European Credit System ECTS
The term ECTS stands for European Credit Transfer and accumulation System. It is an academic credit system that performs on the basis of the student workload. Every student wishes to achieve some objectives and to learning outcomes of the module or program of the study. ECTS bridges the gap as it is designed to offer academic recognition for the study time. It further facilitates students with mobility and credit accumulation as well as transfer.
For higher education across Europe, the ECTS credit system is highly recommended to the students.
What are the benefits of ECTS for the students?
- Once your studies find the required recognition in the European countries, you can easily get the job in these countries.
- ECTS is proved very helpful if you want to take a Bachelor's degree and Master’s degree from the two different countries in Europe.
- The overall academic paperwork gets easier and quicker.
- If you are taking a joint-degree, semester abroad, or an Erasmus study experience, your home university can easily take track of the study hour’s credit transfers.
- It helps you to estimate the complexity of class, seminars, internships, and thesis, etc. The criterion is based on the number of credits on the completion of the required course.
- ECTS mitigate the efforts of balancing between the international and local students in the universities.
- Irrespective of the academic discipline you are pursuing, your degree will have the same number of credits.
- If you are drop out of a course, ECTS is truly a savior. ECTS credits help the students to render the academic achievements by saving you from taking the same course once again to complete.
Which are the European countries using the ECTS credit system used?
Here is the list of European countries, which are using the ECTS credit system used –
- United Kingdom
How can we calculate ECTS credits?
Every course unit is different and thus, it seeks a different level of concentration from the students. ECTS credits help the students to understand the courses and the quantity of work required to complete them. These are the values allotted to each course to express the required efforts, somehow, to complete the course in one academic year. An academic course includes lectures, classes, practical, seminars, practicals, examinations, laboratory, library, and home studies. Students are awarded the ECTS credit points to represent the amount of workload, the students have gone through.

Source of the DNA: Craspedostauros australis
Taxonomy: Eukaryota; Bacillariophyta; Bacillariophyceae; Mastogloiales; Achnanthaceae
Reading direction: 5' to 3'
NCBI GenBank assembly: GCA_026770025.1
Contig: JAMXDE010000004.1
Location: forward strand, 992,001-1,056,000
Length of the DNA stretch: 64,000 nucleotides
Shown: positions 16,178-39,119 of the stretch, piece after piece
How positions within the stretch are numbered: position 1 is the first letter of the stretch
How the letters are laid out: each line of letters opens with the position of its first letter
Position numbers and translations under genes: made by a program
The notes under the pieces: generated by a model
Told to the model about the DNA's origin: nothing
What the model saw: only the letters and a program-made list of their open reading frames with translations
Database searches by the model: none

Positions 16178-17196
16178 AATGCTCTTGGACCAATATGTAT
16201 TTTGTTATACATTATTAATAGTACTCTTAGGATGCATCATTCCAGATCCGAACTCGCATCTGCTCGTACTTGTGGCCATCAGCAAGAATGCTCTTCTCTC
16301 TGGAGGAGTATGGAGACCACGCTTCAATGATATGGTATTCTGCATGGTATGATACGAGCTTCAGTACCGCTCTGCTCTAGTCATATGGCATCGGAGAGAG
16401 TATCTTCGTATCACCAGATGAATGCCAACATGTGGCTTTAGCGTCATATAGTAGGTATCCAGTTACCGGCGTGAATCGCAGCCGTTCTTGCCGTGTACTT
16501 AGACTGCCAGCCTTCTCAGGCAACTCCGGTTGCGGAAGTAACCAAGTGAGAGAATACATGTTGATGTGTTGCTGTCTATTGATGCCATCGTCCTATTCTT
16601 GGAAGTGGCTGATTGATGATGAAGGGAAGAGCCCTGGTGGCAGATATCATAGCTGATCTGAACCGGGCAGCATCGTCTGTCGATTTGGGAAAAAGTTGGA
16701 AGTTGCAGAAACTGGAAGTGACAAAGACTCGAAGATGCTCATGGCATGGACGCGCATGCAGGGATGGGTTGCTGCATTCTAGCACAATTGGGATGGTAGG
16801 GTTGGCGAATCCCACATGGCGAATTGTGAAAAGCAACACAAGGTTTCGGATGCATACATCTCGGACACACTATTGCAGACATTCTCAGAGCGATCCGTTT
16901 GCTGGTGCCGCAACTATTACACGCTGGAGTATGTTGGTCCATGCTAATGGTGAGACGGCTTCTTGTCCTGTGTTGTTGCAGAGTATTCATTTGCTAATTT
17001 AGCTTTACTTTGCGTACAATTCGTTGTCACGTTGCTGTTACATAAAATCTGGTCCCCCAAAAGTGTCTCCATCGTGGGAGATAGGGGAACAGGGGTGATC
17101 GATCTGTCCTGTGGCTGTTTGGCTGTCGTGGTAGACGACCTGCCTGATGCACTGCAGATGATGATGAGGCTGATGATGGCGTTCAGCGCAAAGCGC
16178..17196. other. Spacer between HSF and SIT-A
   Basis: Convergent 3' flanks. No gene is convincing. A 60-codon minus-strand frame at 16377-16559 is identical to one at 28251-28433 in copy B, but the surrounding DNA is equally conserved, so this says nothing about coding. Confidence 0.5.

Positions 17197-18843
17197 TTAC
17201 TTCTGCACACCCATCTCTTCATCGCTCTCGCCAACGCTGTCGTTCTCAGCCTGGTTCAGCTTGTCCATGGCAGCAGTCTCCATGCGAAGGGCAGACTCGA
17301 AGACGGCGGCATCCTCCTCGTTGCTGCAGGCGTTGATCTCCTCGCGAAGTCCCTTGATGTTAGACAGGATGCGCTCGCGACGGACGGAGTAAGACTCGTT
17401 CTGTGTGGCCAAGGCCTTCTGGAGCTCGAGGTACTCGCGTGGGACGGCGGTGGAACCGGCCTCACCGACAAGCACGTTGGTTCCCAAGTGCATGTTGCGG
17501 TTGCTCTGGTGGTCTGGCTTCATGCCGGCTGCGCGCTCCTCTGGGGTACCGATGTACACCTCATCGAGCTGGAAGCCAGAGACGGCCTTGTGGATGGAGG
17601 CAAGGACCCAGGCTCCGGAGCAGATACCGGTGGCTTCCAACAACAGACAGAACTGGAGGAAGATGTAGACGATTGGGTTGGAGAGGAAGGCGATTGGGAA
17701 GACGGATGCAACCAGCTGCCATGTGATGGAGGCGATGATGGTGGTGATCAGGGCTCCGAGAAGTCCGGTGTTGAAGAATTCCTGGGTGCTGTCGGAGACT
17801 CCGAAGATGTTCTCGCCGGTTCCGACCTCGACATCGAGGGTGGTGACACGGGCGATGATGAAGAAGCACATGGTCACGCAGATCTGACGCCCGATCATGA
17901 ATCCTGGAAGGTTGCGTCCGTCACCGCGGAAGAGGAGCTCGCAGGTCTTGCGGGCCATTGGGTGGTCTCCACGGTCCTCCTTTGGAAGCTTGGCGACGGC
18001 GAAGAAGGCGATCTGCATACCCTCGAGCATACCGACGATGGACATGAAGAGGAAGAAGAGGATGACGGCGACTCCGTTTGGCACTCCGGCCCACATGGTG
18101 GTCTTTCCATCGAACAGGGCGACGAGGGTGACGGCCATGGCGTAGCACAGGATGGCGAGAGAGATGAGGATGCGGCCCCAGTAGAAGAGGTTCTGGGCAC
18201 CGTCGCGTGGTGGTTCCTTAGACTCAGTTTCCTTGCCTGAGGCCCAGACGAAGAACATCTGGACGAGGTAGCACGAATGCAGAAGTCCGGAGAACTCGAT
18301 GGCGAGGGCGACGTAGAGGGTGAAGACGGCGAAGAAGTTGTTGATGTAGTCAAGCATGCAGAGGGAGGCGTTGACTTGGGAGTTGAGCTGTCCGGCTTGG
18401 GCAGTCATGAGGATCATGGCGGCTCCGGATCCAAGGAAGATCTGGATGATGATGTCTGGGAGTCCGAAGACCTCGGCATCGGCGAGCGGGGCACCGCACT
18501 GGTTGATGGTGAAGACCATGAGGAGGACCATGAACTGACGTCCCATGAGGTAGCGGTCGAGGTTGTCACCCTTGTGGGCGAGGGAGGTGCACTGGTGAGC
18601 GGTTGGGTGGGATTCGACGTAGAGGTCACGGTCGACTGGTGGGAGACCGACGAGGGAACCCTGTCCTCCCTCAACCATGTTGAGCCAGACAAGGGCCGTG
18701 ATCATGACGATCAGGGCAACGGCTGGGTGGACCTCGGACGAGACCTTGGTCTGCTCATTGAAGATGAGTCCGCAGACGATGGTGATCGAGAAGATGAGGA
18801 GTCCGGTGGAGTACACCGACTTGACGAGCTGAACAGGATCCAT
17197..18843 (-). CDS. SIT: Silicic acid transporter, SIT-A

Here is a sneak peek into the ECTS credits assigned on the basis of degree type –
- 60 ECTS credits are considered for the full academic year. According to the same, 30 ECTS, credits are assigned for a semester whereas 20 ECTS credits are given for a trimester.
- Since a Bachelor's program includes three years, a total of 180 ECTS credits are assigned to the same.
- Since a Master’s program includes three years, a total of 120 ECTS credits are assigned to the same.
- If practical placements and thesis preparation act as a part of the regular program of studies at school as well as home, the ECTS credits become crucial for them. In the ECTS credit system, one ECTS is considered equal to the 30 study hours of workload, which is followed by Germany, Romania, and Hungary.
What is the ECTS grading system scale?
|A||10||Brilliant (but with minor errors)|
|B||35||Moderate (above average with some errors)|
|C||65||General (well but with notable errors)|
|D||90||Fair (but with significant errors)|
|E||~100||The minimum criteria for the performance|
|FX||Fail (but more work is required to present it again for the credit award)|
|F||Fail (It can be considered but after further works)|
Can non-ECTS be converted into ECTS credits?
- First of all, if your bachelor’s college has already adapted the ECTS (or equivalent credit system), nothing is here to worry. You are free to enter the credit details into your ECTS form. In this way, you will need to ensure whether the credits you are entering is equivalent to the required details or not.
- The universities or colleges may use different credit systems and to balance them well, you will need to check whether they are equivalent or not. If your college assigns 1 credit (or 1 CP) for every 25 hours of time spent on a subject, it will go different from ECTS. That credit will be lesser and with the exact calculation of this case, 1 CP will represent 0.83 ECTS.
- Now, if your college doesn’t provide the number of hours per subject with more details, you need to perform the different calculations in the absence of Credit Points.
- Take one subject of your course and consider its details. From the number of hours to lectures per week, you need to collect many more details of the complete semester before your bachelor’s degree gets completed.
- For that particular subject, we can understand the entire calculation of credit points with one example.
- Assume if a subject takes 4 hours lecture in a week along with the 4 other hours for assignments, homework, and self-study, the calculation is here with 4 months in a semester and 16 weeks per semester –
- 64 hours (classes) + 64 hours (Assignments and study hours) = 128 Hours
The formula is here
- Number of hours per week x number of weeks per semester = Total hours
- European Credit Transfer and Accumulation System (ECTS) is expressed as
- 1 ECTS credit point = 30 study hours
- The next step is to divide the total number of hours by ECTS hours.
- A similar process works for practical labs and workshops.
- Finally, divide the total number of hours by ECTS hours.